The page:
More information on the criminal investigation taking place in Thailand involving IVF clinics offering gender selection, surrogacy and egg donation services:
AFTER news that Chinese people have been coming to Thailand for in vitro fertilisation (IVF) procedures that allow specific selection of a baby’s sex, police are checking up on 12 “targeted” private clinics nationwide that reportedly provide illegal fertility services. Pol Lt-Colonel Chatmongkol Wasin-amorn, deputy superintendent of the Consumer Protection Police Division, said police would arrest those involved on human-trafficking charges if the fertility technology has been developed and promoted in a way that could be prosecuted under that framework. Online advertisements that carry faulty messages such as claiming that clinics in Thailand are legally entitled to carry out IVF procedure that allows sex selection will result in the punishment of both the website owner and the information provider.
Chatmongkol made his statement at a press conference on Tuesday that was jointly organised by the Public Health Ministry and the Medical Council of Thailand. Department of Health Service Support chief Dr Boonreung Trireungwarawat affirmed that Thai law strictly controlled IVF and gestational surrogacy as well as prohibiting the selling of eggs and the sex selection of embryos.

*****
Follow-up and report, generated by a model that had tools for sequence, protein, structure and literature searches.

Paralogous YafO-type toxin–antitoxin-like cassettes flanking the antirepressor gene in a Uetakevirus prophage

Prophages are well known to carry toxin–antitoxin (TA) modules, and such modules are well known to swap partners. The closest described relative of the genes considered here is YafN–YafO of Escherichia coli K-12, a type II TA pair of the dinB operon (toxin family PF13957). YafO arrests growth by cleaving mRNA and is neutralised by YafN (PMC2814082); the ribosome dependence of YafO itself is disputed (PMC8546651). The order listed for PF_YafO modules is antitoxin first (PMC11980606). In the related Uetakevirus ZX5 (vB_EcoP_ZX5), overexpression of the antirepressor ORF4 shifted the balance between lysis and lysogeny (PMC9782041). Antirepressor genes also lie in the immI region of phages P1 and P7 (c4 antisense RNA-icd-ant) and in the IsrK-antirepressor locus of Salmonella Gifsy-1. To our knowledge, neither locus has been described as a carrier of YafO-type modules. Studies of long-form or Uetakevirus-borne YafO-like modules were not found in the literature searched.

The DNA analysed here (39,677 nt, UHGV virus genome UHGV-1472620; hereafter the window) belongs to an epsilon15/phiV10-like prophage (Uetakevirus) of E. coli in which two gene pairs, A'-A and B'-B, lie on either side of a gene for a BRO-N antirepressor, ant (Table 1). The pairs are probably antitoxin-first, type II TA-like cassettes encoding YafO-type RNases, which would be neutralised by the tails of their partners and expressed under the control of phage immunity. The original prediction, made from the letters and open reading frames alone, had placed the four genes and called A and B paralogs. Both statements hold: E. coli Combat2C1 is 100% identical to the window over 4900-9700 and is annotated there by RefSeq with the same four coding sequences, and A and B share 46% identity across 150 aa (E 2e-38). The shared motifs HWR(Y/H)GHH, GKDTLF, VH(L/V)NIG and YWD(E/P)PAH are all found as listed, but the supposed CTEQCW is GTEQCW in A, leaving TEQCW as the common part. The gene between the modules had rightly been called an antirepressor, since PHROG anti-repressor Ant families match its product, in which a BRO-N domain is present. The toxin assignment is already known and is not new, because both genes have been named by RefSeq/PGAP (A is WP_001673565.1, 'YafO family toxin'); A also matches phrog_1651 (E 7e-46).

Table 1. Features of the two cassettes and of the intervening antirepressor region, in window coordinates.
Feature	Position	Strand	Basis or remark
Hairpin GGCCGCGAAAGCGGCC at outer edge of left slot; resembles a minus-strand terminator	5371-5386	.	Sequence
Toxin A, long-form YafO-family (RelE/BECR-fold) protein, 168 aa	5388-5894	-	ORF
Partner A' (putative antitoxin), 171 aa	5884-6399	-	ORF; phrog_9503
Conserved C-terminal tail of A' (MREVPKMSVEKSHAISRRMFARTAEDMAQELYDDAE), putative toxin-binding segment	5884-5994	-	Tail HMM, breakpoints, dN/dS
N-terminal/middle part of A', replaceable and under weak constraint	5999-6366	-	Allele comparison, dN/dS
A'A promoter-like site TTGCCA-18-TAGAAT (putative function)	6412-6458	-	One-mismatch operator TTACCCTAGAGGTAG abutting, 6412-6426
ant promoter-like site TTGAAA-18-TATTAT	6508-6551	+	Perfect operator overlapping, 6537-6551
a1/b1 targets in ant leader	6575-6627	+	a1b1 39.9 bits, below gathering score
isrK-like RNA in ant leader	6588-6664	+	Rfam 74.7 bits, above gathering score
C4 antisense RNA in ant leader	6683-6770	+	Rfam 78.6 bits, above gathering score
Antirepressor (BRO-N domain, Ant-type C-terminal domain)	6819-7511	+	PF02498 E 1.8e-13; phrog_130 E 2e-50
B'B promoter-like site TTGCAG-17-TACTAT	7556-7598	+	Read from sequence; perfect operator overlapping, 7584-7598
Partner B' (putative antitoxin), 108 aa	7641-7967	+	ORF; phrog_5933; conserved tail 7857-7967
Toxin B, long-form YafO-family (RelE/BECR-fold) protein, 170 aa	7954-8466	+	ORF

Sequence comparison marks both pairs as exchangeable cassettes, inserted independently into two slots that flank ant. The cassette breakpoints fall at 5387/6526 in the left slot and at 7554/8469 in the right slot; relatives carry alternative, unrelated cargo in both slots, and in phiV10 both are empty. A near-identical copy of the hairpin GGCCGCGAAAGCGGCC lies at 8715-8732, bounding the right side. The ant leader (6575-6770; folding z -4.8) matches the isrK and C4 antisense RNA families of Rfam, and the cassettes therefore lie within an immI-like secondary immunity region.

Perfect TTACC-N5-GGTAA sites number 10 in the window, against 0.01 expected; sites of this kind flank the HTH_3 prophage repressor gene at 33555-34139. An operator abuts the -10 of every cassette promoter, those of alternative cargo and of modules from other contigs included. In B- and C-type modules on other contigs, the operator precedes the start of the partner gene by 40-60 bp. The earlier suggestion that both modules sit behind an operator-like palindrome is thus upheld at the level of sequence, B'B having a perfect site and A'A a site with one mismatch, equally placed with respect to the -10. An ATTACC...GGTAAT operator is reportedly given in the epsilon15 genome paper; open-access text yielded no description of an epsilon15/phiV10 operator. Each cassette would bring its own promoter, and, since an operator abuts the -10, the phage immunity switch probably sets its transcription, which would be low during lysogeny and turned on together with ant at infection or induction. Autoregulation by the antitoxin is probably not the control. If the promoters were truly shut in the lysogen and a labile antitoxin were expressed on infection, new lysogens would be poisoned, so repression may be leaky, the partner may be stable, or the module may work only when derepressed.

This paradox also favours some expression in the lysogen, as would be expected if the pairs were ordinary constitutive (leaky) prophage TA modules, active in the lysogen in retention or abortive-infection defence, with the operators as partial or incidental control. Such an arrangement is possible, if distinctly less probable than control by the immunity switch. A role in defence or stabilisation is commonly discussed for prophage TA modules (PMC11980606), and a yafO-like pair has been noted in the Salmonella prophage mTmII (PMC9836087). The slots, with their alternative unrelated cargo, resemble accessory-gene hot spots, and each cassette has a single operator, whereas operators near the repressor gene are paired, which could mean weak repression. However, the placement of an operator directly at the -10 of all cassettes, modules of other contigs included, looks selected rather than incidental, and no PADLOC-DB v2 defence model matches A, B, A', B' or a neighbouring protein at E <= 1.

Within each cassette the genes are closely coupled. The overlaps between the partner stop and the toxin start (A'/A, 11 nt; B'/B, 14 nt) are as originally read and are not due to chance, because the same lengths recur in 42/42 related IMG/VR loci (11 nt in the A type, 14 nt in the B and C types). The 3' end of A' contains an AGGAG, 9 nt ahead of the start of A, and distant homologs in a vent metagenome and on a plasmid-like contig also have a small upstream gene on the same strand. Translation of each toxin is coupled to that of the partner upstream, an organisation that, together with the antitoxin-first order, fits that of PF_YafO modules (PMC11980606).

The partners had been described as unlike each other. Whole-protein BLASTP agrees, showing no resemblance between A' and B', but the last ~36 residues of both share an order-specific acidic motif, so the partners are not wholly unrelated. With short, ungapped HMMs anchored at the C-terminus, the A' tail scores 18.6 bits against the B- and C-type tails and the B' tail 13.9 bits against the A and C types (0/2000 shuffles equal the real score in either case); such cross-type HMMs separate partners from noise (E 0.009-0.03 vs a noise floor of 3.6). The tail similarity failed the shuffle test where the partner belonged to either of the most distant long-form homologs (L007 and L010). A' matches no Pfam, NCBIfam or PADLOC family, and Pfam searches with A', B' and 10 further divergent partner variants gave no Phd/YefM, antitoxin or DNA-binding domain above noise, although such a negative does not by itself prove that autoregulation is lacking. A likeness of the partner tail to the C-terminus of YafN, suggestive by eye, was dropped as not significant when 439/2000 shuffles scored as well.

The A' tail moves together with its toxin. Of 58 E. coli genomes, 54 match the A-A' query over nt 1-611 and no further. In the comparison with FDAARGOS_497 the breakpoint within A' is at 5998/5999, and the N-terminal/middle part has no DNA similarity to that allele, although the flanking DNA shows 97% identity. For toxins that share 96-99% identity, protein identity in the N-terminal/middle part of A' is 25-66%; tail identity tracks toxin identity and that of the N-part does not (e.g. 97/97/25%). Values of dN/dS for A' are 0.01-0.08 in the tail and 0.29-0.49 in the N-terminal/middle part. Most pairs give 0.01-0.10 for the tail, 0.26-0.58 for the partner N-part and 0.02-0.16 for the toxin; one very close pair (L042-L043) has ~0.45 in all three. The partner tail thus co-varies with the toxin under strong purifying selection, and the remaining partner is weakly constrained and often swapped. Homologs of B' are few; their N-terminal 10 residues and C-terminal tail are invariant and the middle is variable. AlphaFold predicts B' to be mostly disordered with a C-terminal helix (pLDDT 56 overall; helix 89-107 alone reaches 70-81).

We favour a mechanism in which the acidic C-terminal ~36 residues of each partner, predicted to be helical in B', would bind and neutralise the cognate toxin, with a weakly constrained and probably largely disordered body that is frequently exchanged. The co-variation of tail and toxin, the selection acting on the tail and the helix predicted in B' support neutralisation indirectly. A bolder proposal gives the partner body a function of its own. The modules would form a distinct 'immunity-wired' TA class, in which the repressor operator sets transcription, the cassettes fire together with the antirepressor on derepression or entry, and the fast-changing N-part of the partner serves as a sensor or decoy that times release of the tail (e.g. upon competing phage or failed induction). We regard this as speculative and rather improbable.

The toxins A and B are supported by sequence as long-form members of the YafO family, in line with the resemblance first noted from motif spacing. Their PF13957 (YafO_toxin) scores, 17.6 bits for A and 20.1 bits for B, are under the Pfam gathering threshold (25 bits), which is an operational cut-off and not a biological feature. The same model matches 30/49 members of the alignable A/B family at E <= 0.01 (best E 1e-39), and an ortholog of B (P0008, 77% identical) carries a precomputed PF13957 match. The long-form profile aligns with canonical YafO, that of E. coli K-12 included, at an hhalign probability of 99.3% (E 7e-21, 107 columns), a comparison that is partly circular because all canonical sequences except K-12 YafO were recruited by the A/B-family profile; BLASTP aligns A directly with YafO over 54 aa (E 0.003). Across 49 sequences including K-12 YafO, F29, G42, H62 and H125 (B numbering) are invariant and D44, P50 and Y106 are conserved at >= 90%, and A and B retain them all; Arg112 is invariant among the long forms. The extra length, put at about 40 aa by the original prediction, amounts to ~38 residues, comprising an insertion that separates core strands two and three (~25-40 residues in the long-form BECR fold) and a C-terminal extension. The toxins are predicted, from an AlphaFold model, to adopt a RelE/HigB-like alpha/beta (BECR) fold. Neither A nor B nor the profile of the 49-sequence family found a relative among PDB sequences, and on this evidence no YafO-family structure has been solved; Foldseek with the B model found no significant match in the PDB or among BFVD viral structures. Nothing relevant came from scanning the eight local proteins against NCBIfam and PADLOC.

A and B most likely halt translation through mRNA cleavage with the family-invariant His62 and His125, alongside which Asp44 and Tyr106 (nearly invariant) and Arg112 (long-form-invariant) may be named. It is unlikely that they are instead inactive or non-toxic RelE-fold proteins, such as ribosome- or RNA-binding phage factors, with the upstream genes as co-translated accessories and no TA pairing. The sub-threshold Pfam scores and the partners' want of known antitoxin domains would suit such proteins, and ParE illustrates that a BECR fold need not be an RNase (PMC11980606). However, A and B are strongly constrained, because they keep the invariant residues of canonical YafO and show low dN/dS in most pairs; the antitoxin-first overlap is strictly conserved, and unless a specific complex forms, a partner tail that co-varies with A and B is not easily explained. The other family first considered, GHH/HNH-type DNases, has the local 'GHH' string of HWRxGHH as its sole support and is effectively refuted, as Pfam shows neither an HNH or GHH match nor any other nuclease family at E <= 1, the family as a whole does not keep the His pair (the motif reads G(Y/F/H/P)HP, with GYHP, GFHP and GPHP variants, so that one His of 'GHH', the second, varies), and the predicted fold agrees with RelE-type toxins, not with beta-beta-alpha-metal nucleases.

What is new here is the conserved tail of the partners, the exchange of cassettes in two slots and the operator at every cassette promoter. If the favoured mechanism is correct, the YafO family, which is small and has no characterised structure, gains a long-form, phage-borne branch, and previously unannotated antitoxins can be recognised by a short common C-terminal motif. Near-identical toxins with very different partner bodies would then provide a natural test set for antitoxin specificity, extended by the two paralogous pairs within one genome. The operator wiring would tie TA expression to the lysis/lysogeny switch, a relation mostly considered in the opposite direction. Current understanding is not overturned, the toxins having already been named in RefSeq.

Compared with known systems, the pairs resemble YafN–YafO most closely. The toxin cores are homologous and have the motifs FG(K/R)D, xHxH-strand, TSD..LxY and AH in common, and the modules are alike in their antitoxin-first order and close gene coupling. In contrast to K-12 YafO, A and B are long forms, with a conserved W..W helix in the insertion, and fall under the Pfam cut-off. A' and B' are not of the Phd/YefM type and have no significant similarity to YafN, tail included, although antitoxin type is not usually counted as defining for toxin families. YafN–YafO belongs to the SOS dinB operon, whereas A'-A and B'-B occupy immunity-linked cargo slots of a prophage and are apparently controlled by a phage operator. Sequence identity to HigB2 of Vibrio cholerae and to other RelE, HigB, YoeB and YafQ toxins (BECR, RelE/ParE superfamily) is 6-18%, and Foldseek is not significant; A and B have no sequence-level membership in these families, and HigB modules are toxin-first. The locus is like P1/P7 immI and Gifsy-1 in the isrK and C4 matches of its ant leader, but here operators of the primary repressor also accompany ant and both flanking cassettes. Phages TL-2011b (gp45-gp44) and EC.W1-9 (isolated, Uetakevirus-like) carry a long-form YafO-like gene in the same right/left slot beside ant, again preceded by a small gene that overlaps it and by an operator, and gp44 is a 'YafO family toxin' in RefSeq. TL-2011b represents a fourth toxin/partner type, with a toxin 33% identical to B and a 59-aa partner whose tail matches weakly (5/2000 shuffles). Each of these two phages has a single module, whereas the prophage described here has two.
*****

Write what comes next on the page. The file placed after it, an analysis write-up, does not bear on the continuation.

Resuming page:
Illegal clinics and practitioners face jail terms of up to three years and fines of Bt60,000, he warned. “Currently, there are 45 fertility clinics that are approved by the department and the Royal Thai College of Obstetricians and Gynaecologists. “Seven or eight more clinics are applying for licences,” he said. He added that 300 gynaecologist clinics would be invited to a meeting about the legal requirements surrounding IVF, where they would be urged to be vigilant against law violators.
Medical Council of Thailand president Dr Somsak Lohlekha said the council prohibited the sex selection of babies and payment to egg/sperm donors or surrogate mothers. Surrogacy could only proceed if the egg and sperm came from a spouse or a blood relative.
Doctors found to have breached the council’s regulations in this matter would be deemed guilty of seriously contravening medical ethics, which is punishable by revocation of a medical licence. Somsak also said the council would make a proposal to the Food and Drug Administration to enact stricter control of sperm imports.